Degrowth promotes cultural as well as economic shifts

The authors of a new book about degrowth have revealed, in an online public discussion, how the theory and practice of degrowth promotes not only an economic reconfiguration but also grassroots and cultural transformations towards a post-growth world.

The meeting, ‘Exploring Degrowth and Pandemic Solidarity,’ hosted by the SEARCH Foundation in Australia, featured authors Anitra Nelson, Associate Professor at the University of Melbourne’s Sustainable Society Institute, and Vincent Liegey, engineer, researcher, and spokesperson for French and international degrowth movements working from Budapest. (A third speaker, Marina Sitrin, author of Mutual Aid during the Covid-19 Crisis, was unable to attend.)

Discussing their book ‘Exploring Degrowth, A Critical Guide’, Liegey and Nelson explained that despite the bad press and misunderstandings to which degrowth is often subjected, degrowth prioritises meeting everyone’s basic needs while also caring for the Earth.

This would, they confirmed, require relocalising economies, but with an important caveat.

Nelson explained: “We’re not talking about closed, isolated communities. This is an especially important consideration in a world where climate change is already resulting in vast migrations of people, which means a higher level of engagement with people from diverse cultures is needed. So we’re looking at developing really strong networks. In degrowth, this is referred to as open relocalisation.”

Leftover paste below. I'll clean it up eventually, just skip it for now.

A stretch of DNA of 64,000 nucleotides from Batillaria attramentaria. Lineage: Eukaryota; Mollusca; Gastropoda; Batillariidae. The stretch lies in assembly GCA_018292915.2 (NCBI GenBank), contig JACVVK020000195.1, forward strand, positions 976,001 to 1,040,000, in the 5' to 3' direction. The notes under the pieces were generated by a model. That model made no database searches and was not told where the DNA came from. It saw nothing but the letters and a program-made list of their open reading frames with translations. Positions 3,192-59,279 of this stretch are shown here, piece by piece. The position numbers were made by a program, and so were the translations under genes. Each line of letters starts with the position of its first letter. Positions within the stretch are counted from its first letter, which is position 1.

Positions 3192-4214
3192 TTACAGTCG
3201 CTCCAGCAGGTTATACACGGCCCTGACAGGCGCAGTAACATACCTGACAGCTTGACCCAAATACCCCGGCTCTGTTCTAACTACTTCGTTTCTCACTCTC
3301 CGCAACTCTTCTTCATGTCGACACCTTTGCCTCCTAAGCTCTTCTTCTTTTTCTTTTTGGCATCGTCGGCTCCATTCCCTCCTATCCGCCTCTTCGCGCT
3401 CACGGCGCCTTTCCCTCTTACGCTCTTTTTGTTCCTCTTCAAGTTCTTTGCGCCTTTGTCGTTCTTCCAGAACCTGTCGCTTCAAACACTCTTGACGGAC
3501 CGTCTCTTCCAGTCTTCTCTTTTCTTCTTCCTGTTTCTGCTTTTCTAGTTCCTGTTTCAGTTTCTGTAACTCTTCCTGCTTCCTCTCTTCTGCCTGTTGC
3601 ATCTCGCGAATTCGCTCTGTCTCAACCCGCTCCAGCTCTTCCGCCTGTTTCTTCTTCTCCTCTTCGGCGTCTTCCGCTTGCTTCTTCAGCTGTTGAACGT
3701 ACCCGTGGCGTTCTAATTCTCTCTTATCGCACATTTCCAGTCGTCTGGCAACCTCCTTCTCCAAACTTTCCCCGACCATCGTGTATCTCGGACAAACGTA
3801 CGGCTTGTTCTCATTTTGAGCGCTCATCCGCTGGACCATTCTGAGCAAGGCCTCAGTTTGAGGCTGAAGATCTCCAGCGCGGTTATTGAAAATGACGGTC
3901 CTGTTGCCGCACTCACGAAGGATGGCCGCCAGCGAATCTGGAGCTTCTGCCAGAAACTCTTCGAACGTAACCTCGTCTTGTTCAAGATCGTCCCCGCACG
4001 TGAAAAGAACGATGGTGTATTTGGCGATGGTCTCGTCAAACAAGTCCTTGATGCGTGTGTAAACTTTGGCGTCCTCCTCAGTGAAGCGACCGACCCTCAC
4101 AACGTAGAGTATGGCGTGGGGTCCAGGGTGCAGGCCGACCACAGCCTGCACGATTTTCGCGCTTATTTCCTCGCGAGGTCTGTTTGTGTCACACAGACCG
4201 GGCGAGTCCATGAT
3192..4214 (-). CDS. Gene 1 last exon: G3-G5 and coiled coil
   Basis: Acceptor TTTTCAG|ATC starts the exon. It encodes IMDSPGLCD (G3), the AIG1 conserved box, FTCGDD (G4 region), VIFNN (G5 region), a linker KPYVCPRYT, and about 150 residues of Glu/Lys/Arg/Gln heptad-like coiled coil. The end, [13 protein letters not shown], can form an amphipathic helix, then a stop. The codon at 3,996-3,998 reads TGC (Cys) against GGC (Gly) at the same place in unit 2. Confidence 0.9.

“We live in a world that has an unsustainable environmental footprint. [Once] I realised that we had gone the wrong way, I became very interested in degrowth,” said Liegey, reflecting on his early years of research and discovery. “I don’t focus so much [now] on the physical limits to growth, but more on the anthropological and cultural limits. Degrowth is not only clear and bright on the environment and the challenges that we face but also brings a narrative about how we have gone the wrong way from a cultural point of view. And it also brings together practice and theory,” he added.

Liegey explained how degrowth theory informs the ongoing development of a social cooperative in Budapest called Cargonomia, which focuses on sustainable logistical solutions and local food distribution using cargo-bikes, and which Liegey helps coordinate.

“It started with a group of friends. We were living together and are all quite different; we all brought different types of projects and ideas and we started to think how to connect them together. I brought degrowth theory and a political agenda. Others brought more concrete projects like organic farming, agroforestry, cargo-bike usage and delivery logistics, the low-tech know-how for constructing our own energy solutions, how to bring back biodiversity and healthy ecosystems within the city, and so on. Step by step we started to implement a type of cooperation. It’s a participatory, self-organised, political think tank and research centre.”

The philosophy of Cargonomia and of degrowth, he suggested, embraces localisation, ecofeminism, conviviality, autonomy; in all: “how to reappropriate the enjoyment of life [without] burning barrels of oil every day”.

Among several incisive questions from the 40+ members of the audience was one enquiring whether the speakers believed the capitalist economy could deliver — or permit — the changes required.

“Capitalism doesn’t have any operating process for remaining stable, let alone going backwards,” said Nelson. “If we’re looking at a degrowth future we have to look at post-capitalism.”

Liegey and Nelson’s book — which features a forward from London School of Economics anthropologist Dr Jason Hickel — can be purchased from Pluto Press.

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